Medical identity theft
Identity theft, has spawned a vicious new kind of crime: medical identity theft. Thieves steal your personal information to line their own pockets with fraudulent claims against your own health policy.
Medical thieves can heist your health-insurance number, Social Security number and other personal information. Often the information is stolen by employees at medical facilities, and resold on the black market. Thieves also may hack into medical databases or break into medical facilities.
Medical ID theft can cost you thousands of dollars, constant stress, and even threaten your life and health. Unless you check your medical records closely, you may discover you were defrauded only after the damage has been done.
Illegal and bogus treatment. Medical ID thieves bill your health plan for fake or inflated treatment claims. The crooks often are doctors and other medical personnel who know how the insurance billing system works. Organized theft rings also are involved. They buy stolen patient information on the black market, and set up fake clinics to make bogus claims against the health policies of honest consumers.
Buy addictive drugs. Medical personnel with access to your data may use your identity to obtain prescription drugs to sell, or feed their own addictions. Dishonest pharmacists might bill your policy for narcotics, or nurses may call in prescriptions in a patient’s name but pick it up themselves.
Obtain free treatment. Medical ID thieves who don’t have their own health coverage often receive free medical treatment, courtesy of your policy. They assume your identity at a hospital or clinic, and your policy receives the bills.
Medical ID theft can cause serious and long-lasting damage. Recovering can take years.
Ruined credit. Thieves often ring up large hospital bills in your name, then disappear without paying. This can ruin your credit. Straightening out inaccurate credit records can take months or even years of time-consuming headaches. Meanwhile, you could be hounded by bill collectors, turned down for loans or mortgages, and forced to pay higher lending costs. You also could lose jobs; some employers check a candidate’s credit history.
Loss of health coverage. Fraudulent insurance claims can max out your health-policy limits. This can leave you with no coverage when you have a medical emergency, or need an expensive operation or other treatment.
Inaccurate records. Medical ID theft can threaten your health or even life. A thief’s treatment history can end up on your medical records. This could include the wrong blood type, or medicine to which you’re allergic. Your life thus could be on the line if you receive the wrong treatment based on the thief’s treatment. Your records also could be falsely saddled with damaging—and inaccurate—diagnoses such as mental illness. This could follow you throughout your life.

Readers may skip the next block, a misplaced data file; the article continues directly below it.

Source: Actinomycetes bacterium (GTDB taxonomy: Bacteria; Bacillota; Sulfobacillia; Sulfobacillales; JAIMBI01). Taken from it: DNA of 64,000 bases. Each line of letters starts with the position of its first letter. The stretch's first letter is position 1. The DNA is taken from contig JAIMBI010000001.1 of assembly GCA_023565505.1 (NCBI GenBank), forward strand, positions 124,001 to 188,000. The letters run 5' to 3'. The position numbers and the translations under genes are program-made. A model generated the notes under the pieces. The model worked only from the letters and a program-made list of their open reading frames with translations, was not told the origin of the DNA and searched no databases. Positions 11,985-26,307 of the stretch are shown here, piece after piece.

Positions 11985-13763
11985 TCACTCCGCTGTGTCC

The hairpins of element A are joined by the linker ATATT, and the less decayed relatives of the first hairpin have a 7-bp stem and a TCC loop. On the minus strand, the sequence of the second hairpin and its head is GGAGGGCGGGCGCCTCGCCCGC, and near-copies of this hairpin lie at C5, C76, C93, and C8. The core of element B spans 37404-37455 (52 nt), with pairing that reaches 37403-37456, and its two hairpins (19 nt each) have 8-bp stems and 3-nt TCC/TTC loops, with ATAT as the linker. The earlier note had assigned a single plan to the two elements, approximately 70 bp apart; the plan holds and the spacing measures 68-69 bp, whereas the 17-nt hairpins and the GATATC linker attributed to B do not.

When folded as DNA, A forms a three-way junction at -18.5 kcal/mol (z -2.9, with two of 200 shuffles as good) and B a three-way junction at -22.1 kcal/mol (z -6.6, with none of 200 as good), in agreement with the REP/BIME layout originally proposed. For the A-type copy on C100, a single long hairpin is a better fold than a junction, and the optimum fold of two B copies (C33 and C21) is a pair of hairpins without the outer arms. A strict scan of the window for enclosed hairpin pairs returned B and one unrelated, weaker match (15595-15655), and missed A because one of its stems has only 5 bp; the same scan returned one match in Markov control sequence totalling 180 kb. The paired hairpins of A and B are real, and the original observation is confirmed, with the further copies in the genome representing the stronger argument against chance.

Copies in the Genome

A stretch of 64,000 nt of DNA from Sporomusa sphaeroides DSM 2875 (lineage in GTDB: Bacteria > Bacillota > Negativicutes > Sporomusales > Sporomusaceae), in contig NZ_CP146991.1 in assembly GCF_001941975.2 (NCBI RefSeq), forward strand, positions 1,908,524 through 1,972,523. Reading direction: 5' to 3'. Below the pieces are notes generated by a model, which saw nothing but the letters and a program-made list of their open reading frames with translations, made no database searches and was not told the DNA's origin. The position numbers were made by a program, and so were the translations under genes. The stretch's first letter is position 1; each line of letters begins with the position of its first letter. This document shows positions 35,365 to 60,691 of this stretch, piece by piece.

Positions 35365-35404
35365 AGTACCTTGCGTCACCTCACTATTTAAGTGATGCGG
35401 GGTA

Legal troubles. A pregnant woman stole the medical identity of a mother, and delivered a baby who tested positive for illegal drugs. Social workers tried to take away the real mother’s four children, falsely thinking she was the addict. She had to hire a lawyer to keep her family.
Higher health premiums. False claims against a health insurance policy can raise your health premiums—costing you yet more money.
Here are ways you escape the scourge of medical ID theft.
Examine your EOBs. Review the explanation of benefits (EOB) form sent by your health insurer. If you see treatments you never received, immediately notify your insurer and medical providers. The Blue Cross Blue Shield Association has a sample EOB online that will help you understand how to review this important document.
Monitor your insurance benefits. Ask your insurer for a listing of benefits paid out under your policy. Do this at least once a year.
Check your medical records. If you suspect you’re a victim of medical ID fraud, get a copy of your records from your doctor, hospital, pharmacy or laboratory.
• Appeal refusals. If you’re refused access to your medical
files, you may appeal by following the steps in your medical provider’s “notice
of privacy practices.” You’re entitled to a statement of this policy upon
request, and without cost. If you still aren’t satisfied, file a health-privacy
complaint with the U.S. Department of Health & Human Service at http://www.hhs.gov/ocr/contact.html
or call tollfree 1-800-368-1019.
• Protect your credit. Review your credit reports with the
credit agencies Equifax, Experian and TransUnion to see if anyone has rung up
unpaid medical bills in your name. Place a fraud alert and credit freeze on
your credit reports if you’ve been scammed. A fraud alert means the bank or
other creditor will contact you to confirm your identity when anyone applies
for credit in your name. A credit freeze means someone can access your report
only with a personal identification number.
• Correct inaccurate medical records. If you find errors in your medical files, have them corrected immediately. Also realize that your physician, hospital, insurance company, medical lab and others may have the same inaccurate information. Try to track down all possible sources.
But be warned: Correcting records can be hard. In general, federal law lets patients correct medical records created only by the medical provider or insurer that now maintains your information. A hospital or insurer that later receives your information doesn’t have to correct its records—even when they’re wrong. But… you do have the right to have your records state that you disagree with the information, and why. Be sure your complaint is entered into your records.
• File a police report. Filing a police report will notify law enforcement a crime may have been committed. Also send the report to your insurer, medical providers and all credit bureaus.
• Notify the government. File a medical identify theft complaint with the Federal Trade Commission (FTC) or call the FTC’s tollfree hotline at 1-877-IDTHEFT (438-4338).